‘It’s just one study’: Why experts say it’s not time to give up on fluoridation
By Genna Buck
There are good reasons that a scientific paper — even a very good one — shouldn’t form the basis of policy
York University psychology professor Christine Till, the lead author of a Canadian study that made waves internationally because it found a link between exposure to fluoridated drinking water during pregnancy and lower IQs in children, is “shocked” at the way it has been characterized.
The study measured the levels of fluoride in about 500 pregnant women’s urine three times during pregnancy, and also collected self-reported information about their consumption of tap water and black tea, which is naturally rich in fluoride. Their children’s IQs were tested just once, at three or four years of age. Self-reported fluoride was associated with lower IQs in both girls and boys. Urinary fluoride concentration was associated with lower IQ only in boys. For every 1 milligram-per-litre increase in urine fluoride, a corresponding drop of 4.5 IQ points was found.
The study controlled for a large variety other factors that could account for IQ differences, including economic status, parents’ education and exposure to other environmental chemicals.
This makes it the most largest and most rigorous study of this kind ever done, and the only one in the Canadian context, Till said. She said it’s possible some “mystery variable” is related to both fluoride and IQ, but they controlled for everything they could think of.
The research, being controversial, was subject to “review after review after review” before it could be funded, Till said, and then extensive scrutiny during peer review. The authors hired a third-party statistician to look over the numbers to make sure everything checked out.
“Four and a half IQ points is not negligible. People have been calling this a small effect. I’m shocked. (The effect on IQ) of lead exposure is of this magnitude. It’s a big deal. The impact is going to be felt — it means fewer people in the gifted (IQ) range and more people falling in the range of intellectual disability,” Till said.
University of Calgary community health sciences professor Lindsay McLaren, who has studied fluoridation, said the size of the sample was reasonable and the study is “methodologically sound” and makes an important contribution.
“Public policy is ideally informed not by any one study, but by the best available evidence as a whole,” she said.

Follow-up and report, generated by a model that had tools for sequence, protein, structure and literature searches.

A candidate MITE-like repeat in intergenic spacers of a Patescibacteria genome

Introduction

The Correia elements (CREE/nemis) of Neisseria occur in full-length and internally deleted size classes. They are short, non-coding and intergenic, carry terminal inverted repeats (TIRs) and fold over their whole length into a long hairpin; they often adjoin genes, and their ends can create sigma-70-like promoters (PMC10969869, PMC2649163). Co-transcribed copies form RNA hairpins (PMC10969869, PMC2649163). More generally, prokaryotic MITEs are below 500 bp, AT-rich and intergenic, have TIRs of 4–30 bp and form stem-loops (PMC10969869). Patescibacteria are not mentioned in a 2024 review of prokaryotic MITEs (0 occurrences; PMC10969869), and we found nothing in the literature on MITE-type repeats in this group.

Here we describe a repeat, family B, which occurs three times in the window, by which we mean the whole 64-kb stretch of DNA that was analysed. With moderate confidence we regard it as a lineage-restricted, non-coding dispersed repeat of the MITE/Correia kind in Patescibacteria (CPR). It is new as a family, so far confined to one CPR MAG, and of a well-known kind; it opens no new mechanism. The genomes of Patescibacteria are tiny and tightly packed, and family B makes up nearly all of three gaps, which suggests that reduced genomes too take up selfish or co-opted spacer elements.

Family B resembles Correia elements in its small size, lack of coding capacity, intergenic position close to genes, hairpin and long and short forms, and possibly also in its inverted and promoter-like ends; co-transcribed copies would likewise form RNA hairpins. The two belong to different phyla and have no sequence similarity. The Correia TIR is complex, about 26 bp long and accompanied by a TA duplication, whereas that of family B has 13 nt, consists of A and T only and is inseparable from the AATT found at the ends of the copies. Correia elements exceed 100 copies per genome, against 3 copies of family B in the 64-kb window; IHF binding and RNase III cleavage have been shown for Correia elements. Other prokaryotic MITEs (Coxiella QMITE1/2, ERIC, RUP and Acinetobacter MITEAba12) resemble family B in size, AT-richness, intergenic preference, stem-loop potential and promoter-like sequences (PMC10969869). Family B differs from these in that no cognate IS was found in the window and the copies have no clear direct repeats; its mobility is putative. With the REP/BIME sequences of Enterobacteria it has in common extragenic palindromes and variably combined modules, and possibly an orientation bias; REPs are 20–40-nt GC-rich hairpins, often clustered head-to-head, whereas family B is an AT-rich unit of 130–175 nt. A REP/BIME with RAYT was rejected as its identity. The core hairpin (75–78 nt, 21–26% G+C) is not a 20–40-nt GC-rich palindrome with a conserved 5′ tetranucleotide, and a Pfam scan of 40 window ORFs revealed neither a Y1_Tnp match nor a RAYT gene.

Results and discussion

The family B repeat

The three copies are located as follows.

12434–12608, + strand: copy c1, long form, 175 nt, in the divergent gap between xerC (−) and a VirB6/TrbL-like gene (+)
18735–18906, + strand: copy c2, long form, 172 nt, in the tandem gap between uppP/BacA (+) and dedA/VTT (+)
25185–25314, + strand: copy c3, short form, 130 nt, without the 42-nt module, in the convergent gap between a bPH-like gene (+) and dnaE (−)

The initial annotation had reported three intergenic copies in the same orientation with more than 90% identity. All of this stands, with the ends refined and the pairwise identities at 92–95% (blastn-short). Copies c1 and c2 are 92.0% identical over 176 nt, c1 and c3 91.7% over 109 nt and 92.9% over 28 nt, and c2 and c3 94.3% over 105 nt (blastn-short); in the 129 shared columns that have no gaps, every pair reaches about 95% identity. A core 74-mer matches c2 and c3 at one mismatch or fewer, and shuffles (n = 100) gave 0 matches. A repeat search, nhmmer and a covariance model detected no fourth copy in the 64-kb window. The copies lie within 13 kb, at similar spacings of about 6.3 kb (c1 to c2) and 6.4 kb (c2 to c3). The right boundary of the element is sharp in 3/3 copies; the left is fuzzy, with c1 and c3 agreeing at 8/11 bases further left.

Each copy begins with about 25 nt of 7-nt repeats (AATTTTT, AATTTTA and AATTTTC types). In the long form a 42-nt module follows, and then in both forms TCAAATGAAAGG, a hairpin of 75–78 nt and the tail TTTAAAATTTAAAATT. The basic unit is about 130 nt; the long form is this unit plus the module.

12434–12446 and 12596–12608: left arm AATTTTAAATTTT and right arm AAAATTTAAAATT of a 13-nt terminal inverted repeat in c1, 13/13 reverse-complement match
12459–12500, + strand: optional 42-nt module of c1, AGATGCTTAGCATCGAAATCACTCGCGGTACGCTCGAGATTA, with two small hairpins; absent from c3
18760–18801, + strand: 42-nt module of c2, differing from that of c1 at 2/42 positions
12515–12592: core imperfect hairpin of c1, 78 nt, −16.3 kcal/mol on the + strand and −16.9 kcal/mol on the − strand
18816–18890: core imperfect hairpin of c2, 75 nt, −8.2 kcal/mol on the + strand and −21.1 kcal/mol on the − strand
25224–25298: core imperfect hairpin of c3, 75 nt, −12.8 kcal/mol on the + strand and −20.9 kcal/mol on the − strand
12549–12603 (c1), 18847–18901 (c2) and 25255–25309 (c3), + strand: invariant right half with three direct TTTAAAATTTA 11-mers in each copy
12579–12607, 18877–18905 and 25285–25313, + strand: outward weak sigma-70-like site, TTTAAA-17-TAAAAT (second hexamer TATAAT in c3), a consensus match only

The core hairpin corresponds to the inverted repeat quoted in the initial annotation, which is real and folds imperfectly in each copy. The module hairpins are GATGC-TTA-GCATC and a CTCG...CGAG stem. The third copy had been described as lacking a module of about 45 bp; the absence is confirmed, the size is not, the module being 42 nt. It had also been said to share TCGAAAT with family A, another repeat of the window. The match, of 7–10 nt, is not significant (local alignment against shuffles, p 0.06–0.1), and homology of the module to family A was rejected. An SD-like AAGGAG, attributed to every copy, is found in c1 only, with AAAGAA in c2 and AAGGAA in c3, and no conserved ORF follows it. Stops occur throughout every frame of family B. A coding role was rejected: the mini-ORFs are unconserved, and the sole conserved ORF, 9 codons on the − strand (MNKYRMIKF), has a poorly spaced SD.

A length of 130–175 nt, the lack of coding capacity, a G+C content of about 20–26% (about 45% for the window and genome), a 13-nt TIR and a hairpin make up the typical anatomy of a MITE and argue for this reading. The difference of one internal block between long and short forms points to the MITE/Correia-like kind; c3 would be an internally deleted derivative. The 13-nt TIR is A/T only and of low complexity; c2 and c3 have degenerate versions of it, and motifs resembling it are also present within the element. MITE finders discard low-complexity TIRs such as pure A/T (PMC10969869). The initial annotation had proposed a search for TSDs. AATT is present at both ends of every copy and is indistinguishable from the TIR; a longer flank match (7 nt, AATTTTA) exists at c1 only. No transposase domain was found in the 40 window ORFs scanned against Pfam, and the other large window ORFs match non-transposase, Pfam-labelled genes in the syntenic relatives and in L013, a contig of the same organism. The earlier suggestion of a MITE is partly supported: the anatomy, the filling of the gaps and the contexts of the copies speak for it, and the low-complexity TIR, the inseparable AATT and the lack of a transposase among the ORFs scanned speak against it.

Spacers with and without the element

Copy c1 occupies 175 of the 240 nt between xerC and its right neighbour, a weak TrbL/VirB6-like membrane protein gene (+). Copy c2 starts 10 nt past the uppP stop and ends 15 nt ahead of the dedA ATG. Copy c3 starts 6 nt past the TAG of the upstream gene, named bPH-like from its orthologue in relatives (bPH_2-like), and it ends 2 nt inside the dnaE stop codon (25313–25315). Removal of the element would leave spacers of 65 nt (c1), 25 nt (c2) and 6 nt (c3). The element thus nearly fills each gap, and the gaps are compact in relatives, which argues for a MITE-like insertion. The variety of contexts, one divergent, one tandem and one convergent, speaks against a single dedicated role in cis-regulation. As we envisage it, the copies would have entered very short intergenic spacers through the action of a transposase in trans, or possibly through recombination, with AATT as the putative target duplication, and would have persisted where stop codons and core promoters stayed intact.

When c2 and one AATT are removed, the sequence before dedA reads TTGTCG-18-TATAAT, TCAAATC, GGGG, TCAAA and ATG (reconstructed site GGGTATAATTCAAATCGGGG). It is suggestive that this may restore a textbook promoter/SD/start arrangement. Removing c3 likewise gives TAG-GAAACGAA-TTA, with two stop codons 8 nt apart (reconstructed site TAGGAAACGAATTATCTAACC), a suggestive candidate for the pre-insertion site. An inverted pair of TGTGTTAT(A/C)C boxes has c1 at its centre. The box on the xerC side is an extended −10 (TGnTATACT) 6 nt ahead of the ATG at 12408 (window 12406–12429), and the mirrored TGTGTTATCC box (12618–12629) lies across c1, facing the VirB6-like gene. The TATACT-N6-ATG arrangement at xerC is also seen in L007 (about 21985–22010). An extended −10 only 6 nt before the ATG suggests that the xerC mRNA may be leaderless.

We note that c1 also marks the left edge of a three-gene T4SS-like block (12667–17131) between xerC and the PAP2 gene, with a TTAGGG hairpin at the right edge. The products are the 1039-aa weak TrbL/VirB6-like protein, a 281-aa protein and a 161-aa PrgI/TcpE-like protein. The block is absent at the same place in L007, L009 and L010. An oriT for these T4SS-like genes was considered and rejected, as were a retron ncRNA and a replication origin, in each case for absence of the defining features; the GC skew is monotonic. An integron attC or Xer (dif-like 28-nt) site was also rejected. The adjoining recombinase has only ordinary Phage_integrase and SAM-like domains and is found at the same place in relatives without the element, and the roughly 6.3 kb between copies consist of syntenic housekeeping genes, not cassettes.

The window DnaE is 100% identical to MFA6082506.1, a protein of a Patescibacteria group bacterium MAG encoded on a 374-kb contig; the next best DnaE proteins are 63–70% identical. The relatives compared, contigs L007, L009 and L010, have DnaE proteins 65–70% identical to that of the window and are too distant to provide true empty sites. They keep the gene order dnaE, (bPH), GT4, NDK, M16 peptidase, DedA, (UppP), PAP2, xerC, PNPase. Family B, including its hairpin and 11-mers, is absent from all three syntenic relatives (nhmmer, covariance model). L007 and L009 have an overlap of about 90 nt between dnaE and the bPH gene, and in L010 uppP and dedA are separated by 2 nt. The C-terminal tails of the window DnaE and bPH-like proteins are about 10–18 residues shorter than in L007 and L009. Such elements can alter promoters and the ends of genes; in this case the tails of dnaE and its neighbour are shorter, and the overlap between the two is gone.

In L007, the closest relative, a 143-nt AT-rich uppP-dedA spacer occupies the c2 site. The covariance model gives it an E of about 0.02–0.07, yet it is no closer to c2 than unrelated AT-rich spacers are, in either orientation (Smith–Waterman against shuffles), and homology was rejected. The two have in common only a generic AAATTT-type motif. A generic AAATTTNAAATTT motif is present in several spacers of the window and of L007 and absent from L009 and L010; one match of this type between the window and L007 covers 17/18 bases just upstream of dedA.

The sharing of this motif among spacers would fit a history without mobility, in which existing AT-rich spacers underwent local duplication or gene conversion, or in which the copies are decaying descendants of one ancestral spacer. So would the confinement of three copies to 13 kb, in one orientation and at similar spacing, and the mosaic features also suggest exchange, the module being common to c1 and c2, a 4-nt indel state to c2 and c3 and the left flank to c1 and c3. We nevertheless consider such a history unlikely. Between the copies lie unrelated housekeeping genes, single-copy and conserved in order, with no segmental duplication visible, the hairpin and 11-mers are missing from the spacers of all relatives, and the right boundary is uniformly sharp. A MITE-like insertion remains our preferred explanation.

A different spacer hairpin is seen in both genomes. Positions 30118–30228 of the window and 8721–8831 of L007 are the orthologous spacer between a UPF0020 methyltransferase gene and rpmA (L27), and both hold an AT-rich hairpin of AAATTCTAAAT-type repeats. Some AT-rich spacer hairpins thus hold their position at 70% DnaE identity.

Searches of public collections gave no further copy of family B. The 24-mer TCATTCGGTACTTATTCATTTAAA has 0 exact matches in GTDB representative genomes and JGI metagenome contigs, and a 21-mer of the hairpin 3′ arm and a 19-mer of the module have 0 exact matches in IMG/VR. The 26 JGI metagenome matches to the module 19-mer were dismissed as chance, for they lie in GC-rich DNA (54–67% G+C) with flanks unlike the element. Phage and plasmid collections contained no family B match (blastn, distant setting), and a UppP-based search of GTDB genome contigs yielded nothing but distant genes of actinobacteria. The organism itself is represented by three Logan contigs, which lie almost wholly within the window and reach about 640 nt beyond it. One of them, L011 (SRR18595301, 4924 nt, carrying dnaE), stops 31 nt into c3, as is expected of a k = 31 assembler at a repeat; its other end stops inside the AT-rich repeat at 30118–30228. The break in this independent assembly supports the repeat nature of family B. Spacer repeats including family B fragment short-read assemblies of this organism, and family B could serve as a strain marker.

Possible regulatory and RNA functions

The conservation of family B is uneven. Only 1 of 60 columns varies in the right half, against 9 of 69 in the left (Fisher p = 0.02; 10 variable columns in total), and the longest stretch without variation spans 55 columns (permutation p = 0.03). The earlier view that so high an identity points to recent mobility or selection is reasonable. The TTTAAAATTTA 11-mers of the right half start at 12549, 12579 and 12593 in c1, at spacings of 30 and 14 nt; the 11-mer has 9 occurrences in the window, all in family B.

“At the end of the day, it is still one study –
Adding fluoride to drinking water, routine since the mid-20th century in some cities across Canada, helps strengthen tooth enamel and reduce cavities. Studies show people with the poorest oral health and access to dentistry tend to benefit the most. Good oral health is linked to a host of good health outcomes, and cavities and poor dental hygiene to a motherlode of other health issues.
Ray Copes, chief of environmental and occupational health at Public Health Ontario, said the link between lead exposure and IQ is not comparable to fluoride.
“What we know about the effects of lead on IQ doesn’t come from one study. It is … based on a far larger set of research findings that extend over many more populations and many more years,” he said.
He added the sex differences observed in the study were very “puzzling.” He said it’s an indication that the question should be tested using different research methods, and the research replicated by other researchers, before we jump to telling pregnant women to limit fluoride. Till believes there’s enough evidence to tell pregnant women to limit fluoride now.
If the study looked at a chemical that was thought to disrupt sex hormones, or a disorder that is more common in boys, like ADHD, you would expect to see sex differences, Copes said. But there’s no reason to expect them in measures of IQ.
The fact that the more robust measure of fluoride intake — fluoride in the mothers’ urine — was less convincingly associated with IQ suggests other factors are at play, he added.
He said there might be differences in support and programming available to children in different cities, and that this wasn’t captured by the variables the study controlled for. Early educational interventions can have a strong effect on children’s IQ.
“Public policy is ideally informed not by any one study, but by the best available evidence as a whole –
Although a difference of 4.5 IQ points should not be dismissed, it’s within the ballpark of “test-retest reliability,” Copes added. That means it’s not unheard of for the same child to take the same IQ test on different days and receive a score that is four points off.
“At the end of the day, it is still one study. Although I like a lot of what was done in this particular paper, at the end of the day, you’re left scratching your head — why aren’t the results internally consistent?” Copes said.
He said it’s something he sees all the time as a researcher: Academics who are doing great scientific work — really innovative, interesting, beautiful work — and want to see it translated into policy right away.
“I’ve had that discussion with many, many colleagues, in many different research areas, over many years. And my advice to them is: I’m with you on the research. It’s really neat stuff … but the policymakers have to consider far more than just one paper. And some of my research colleagues get that more than others. For some, it’s a really tough sell.”